Expectations of Multidisciplinary Training

Weightlifting plates and tyres at an outside gym
The Trackside Gym at Oxford University’s Roger Bannister Track

Let me start with a link to the One Day challenge for newcomers.

As a multipotentialite, to use Emilie Wapnick’s term, I have always done many things at once, but in the past year I have been actively training towards many things at the same time. And I wanted to pass on some of the things I have learned so far. Especially some of the adjustments I have had to make to the way I frame things.

As a reminder, here are the events I will be doing, within the space of 24 hours, next June. I am actively in training for all of them.

  • 100 kilometre run to test my endurance
  • 3 classic powerlifts — deadlift, bench press, squat — to test strength
  • A 2km row for speed and overall fitness
  • Memorising a deck of cards for memory
  • A Torrance Test for creativity
  • Speed reading a novel

Think about this question. Suppose you are a world class 400 metre runner. After years of 400 metre running, you decide you would really like to give the decathlon a go. 400 metres is one of the decathlon events so you still train really hard for it. Two years later, you have gone from wibbling when you so much as look at a pole vault to being a really good decathlete. But what’s happened to your 400 metres performance?

The answer is, of course, that as you get better and better and continue to train 400 metres, your performance at it has got worse. Because that’s what happens when you switch from a single goal to an goal with multiple parts — you’ve gone from aiming at the highest point you can to aiming for the maximum area under the canvas as it were.

But if you don’t understand that from the outset it can mess with your head. Because it is easy to be sucked into thinking that you can keep your 400 metre performance at the same level and just bring other things up. Especially as this might be true to a the extent that without losing 400 metre performance you could improve other things *a bit* by improving technique alone.

But the simple truth is that to build a body that maximises overall performance, your musculature and infrastructure will need to become less specialist and more generalist and performance at the thing at which you used to excel will go down. Of course it’s not just in sport that people struggle to understand this. It’s at the heart of a lot of inaccessibility in the workplace where managers want, say, a neurodivergent person’s skills but doesn’t realise that if the employee also has to do other things to fit office culture those are precisely the things that will diminish that skill.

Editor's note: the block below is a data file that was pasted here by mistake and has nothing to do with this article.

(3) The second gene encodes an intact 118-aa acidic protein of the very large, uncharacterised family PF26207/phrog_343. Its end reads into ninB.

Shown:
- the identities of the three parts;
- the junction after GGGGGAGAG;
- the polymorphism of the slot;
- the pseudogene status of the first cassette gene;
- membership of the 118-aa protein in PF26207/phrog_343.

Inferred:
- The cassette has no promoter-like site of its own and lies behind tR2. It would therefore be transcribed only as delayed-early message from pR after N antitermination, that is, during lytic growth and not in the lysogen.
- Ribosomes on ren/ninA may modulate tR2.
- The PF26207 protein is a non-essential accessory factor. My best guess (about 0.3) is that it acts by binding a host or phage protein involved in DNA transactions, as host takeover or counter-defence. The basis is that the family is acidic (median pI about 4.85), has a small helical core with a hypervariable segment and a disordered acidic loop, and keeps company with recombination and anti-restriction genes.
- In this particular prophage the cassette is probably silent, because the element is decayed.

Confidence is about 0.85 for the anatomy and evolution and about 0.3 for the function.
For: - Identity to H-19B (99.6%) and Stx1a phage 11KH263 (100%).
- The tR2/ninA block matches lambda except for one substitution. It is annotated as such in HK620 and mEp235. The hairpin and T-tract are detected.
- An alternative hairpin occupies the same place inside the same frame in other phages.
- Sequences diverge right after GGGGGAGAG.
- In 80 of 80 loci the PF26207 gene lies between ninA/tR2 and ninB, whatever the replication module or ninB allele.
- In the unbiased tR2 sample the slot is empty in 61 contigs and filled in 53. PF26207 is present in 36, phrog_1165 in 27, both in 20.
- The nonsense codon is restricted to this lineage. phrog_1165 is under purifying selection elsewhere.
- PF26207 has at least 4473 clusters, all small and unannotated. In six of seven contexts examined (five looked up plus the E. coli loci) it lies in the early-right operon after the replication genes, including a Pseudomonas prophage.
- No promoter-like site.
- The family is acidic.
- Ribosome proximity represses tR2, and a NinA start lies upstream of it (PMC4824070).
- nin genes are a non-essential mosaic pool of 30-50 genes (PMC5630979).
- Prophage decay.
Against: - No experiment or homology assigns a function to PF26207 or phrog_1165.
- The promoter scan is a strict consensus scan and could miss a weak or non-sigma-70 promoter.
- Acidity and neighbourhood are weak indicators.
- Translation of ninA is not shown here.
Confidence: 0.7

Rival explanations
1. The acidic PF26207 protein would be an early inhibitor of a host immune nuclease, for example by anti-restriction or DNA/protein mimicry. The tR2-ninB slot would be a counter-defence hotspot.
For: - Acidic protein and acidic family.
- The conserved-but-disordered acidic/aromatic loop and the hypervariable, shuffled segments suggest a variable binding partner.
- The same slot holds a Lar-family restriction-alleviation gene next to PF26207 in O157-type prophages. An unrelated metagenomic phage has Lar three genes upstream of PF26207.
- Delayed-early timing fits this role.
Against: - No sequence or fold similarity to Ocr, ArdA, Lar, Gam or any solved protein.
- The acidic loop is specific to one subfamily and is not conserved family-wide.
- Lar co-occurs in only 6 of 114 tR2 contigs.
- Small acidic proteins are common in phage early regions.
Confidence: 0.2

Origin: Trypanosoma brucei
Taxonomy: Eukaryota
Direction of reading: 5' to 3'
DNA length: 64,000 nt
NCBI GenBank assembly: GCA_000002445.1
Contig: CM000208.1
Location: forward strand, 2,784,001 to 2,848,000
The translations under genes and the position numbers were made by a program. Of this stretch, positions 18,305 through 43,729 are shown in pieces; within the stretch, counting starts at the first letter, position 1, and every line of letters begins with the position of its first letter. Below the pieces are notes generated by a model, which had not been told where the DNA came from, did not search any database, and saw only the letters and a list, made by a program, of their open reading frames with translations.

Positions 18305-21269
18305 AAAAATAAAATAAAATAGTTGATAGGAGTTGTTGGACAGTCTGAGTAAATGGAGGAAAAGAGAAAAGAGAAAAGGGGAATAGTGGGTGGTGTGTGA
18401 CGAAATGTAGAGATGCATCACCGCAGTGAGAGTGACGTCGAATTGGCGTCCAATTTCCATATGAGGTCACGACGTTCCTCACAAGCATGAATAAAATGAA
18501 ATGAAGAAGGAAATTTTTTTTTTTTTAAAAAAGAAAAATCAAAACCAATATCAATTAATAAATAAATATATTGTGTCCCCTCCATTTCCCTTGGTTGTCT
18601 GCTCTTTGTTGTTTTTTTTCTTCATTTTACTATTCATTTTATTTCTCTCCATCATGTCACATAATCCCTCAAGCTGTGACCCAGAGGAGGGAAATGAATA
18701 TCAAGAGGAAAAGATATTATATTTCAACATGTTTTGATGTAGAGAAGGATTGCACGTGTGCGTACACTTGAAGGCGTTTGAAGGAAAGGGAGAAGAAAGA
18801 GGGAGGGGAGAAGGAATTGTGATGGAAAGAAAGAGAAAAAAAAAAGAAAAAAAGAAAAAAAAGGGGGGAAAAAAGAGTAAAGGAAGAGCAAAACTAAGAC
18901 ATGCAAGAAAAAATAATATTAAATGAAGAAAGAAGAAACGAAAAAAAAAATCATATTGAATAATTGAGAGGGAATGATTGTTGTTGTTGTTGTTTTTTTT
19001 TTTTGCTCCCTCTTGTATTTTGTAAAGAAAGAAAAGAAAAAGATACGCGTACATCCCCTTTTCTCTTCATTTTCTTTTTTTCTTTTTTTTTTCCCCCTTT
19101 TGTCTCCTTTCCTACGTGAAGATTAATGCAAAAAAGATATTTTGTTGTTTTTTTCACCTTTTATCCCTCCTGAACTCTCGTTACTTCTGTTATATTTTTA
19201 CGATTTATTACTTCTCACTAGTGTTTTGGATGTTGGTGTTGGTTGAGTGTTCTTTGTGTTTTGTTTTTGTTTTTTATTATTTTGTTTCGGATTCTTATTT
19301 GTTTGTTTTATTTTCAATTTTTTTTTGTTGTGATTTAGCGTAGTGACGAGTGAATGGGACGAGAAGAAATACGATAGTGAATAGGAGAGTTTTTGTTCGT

One of the things that’s been a learning curve for me has been watching this play out. I threw discus and hammer for my university *ahem* more than 20 years ago. But my athletic prowess is way way short of even average for an active person. That means that any kind of focus on it leads to some really good progress.

As a mind athlete, it’s more mixed. I have a very average memory. But I’ve won championships at international level in creativity and speed reading.

One of the big challenges for me remains knowing what to expect my performance in each area to do as I train for an interdisciplinary event.

I would expect all my physical performances to increase for a considerable time with no noticeable adverse impact anywhere else — simply because I’m building baselines and learning technique. And that’s happened for a year. I am just starting to notice within that, though, that my weight, now I’m under 15 stone, is at a point where absolute strength gains are harder to attain and are part of a balance against gains in speed at endurance.

It has been harder for me to achieve results mentally in the past year. In part, as I’ve talked about previously, that has been a result of really very poor mental health and the effects of the pandemic on that poor mental health. But there has also been a level of fatigue that’s physical. My memory has improved, but as an average memory athlete, I would have expected improvements to be quicker.

And creativity has dipped a little. Which is surprising in a way because creativity should grow the wider the base of activity and knowledge in one’s life. So I will be really interested to track this over the coming months to see what the longer term trend is. But one thing I have noticed is a tendency to beat myself up over slower mind sports progress even though the overall progress has been consistent. Something I need to work on.

I would say the results on the impact of mental and physical performance on each other are still “pending”. I am not yet at a performance level where I can differentiate inevitable performance increase from stuff that’s down to savvy training. But I’m getting there — I’ve noticed that most in what I would call my higher performance endurance — I can sustain levels of performance far longer and with less effort than I could. And the sessions where I’ve blended mental and physical exercises have been fabulous.

This is more of a progress report than an analysis of anything deep. But I do think the question of mindset when we move from single to multi discipline is something we can miss — and in more than just sport. And if we don’t prepare ourselves we can end up beating ourselves up not because we’re underperforming but because we haven’t understood the shift in focus.

CEO & founder of Rogue Interrobang, University of Oxford spinout using creativity to solve wicked problems. 2016, 17 & 19 Creative Thinking World Champion.